A final and strong area of agreement is the fact that all Christians need to understand the literary side of Mark’s Gospel in order to better perceive the lessons and meanings that Mark intended his readers to receive as they read his Gospel account. By learning to read and understand plot lines, narrator functions, and cultural and geographical settings, the reader of Mark’s Gospel will have the ability to pick up on and imagine themselves in the story of Jesus as he brings God’s rule into this world and encourages all his followers to tell about God’s rule where they live and work. And while character analysis is an important feature of this Gospel, it is the conclusion of this reviewer that holding only to a literary reading of Mark’s Gospel will ultimately leave several character traits lacking, especially in the person and work of Jesus. This will be addressed in the next section that follows.

Areas of Disagreement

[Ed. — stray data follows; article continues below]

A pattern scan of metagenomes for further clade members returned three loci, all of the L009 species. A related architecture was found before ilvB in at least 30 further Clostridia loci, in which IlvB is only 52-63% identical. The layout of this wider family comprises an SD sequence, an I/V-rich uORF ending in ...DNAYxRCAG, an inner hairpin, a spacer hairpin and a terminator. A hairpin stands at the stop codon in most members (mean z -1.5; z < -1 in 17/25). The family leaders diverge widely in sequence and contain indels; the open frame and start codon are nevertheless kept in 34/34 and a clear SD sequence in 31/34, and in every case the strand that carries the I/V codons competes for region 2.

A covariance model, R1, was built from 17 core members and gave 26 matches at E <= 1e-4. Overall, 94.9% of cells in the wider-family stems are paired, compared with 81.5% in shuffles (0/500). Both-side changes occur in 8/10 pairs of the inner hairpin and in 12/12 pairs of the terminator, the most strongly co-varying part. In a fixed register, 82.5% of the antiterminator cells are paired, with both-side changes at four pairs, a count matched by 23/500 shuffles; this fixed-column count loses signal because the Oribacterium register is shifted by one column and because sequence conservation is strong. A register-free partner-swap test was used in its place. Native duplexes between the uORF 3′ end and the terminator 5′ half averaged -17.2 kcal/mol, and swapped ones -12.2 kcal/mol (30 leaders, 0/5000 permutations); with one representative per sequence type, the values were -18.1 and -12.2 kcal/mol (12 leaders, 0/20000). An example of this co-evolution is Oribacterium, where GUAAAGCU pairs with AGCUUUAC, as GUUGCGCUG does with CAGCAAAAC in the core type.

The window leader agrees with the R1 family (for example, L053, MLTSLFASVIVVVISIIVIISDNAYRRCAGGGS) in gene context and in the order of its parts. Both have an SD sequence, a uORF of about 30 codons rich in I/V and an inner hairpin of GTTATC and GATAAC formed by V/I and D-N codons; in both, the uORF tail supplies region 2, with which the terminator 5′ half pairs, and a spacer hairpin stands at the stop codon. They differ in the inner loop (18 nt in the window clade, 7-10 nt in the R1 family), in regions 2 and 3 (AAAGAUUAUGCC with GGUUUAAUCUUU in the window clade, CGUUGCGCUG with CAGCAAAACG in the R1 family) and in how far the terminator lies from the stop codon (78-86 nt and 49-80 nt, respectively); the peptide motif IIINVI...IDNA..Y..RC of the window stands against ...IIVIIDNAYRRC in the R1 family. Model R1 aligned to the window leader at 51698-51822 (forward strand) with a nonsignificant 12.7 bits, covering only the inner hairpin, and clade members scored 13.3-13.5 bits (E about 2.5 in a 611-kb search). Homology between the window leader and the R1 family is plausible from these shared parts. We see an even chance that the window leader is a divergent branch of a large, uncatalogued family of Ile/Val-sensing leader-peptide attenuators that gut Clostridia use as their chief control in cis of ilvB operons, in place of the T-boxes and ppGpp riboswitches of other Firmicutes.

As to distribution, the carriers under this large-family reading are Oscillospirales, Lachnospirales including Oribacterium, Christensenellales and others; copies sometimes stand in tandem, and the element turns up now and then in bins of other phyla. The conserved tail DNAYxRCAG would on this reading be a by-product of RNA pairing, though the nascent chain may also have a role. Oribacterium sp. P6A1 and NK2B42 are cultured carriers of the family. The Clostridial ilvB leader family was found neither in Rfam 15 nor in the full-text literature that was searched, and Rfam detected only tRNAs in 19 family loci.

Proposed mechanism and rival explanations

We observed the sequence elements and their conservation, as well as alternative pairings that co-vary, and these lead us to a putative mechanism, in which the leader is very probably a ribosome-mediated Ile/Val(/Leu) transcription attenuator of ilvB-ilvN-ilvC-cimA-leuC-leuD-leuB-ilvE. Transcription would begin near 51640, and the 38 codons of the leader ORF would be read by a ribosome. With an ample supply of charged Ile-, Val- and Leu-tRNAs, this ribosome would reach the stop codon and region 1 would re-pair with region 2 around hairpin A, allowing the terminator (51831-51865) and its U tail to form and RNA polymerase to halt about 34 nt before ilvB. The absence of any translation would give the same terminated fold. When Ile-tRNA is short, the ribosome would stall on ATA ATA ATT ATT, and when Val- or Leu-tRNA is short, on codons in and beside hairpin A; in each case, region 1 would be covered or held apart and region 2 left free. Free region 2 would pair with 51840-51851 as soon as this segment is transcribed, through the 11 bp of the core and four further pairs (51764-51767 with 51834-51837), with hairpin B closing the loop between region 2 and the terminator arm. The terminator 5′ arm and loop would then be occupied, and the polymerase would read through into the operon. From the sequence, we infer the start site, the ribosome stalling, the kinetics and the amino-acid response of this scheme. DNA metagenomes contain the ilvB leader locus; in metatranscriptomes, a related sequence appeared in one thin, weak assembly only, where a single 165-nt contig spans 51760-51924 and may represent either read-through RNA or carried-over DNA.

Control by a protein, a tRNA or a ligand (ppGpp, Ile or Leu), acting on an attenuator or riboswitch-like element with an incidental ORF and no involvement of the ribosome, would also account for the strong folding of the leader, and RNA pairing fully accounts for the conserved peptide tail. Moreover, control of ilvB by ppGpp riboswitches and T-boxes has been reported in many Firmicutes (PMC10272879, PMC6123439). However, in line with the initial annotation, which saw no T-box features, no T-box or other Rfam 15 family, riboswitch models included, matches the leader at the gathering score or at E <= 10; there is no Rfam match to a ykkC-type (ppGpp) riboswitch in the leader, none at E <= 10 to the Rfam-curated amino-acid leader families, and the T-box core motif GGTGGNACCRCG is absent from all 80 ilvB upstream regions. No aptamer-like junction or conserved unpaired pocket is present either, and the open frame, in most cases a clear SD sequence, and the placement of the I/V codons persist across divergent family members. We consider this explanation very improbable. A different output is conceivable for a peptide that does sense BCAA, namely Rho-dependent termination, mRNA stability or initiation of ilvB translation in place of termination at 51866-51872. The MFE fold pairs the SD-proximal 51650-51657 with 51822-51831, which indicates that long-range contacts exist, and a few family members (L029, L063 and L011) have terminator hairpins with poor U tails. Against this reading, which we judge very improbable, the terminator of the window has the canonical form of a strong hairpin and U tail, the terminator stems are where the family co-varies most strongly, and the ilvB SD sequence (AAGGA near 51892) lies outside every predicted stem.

Many things could be said about the translation of Mark’s Gospel in Mark as Story, but an area of disagreement needs to be pointed out. Translating Mark in a word-for-word fashion is not the most effective way of getting the story of Mark across to the interpreter of Mark. Though this reviewer understands why the authors translated in this fashion, the overall translation was harder to follow in many areas given that Greek word order (which was emphasized in the translation) is non-existent for first century Greek grammar, especially as it relates to English grammar which demands word order for comprehension. But this is a minor disagreement and the translation can stand for the purposes of the authors’ literary analysis in bringing to light various patterns and repetitions in the Gospel of Mark.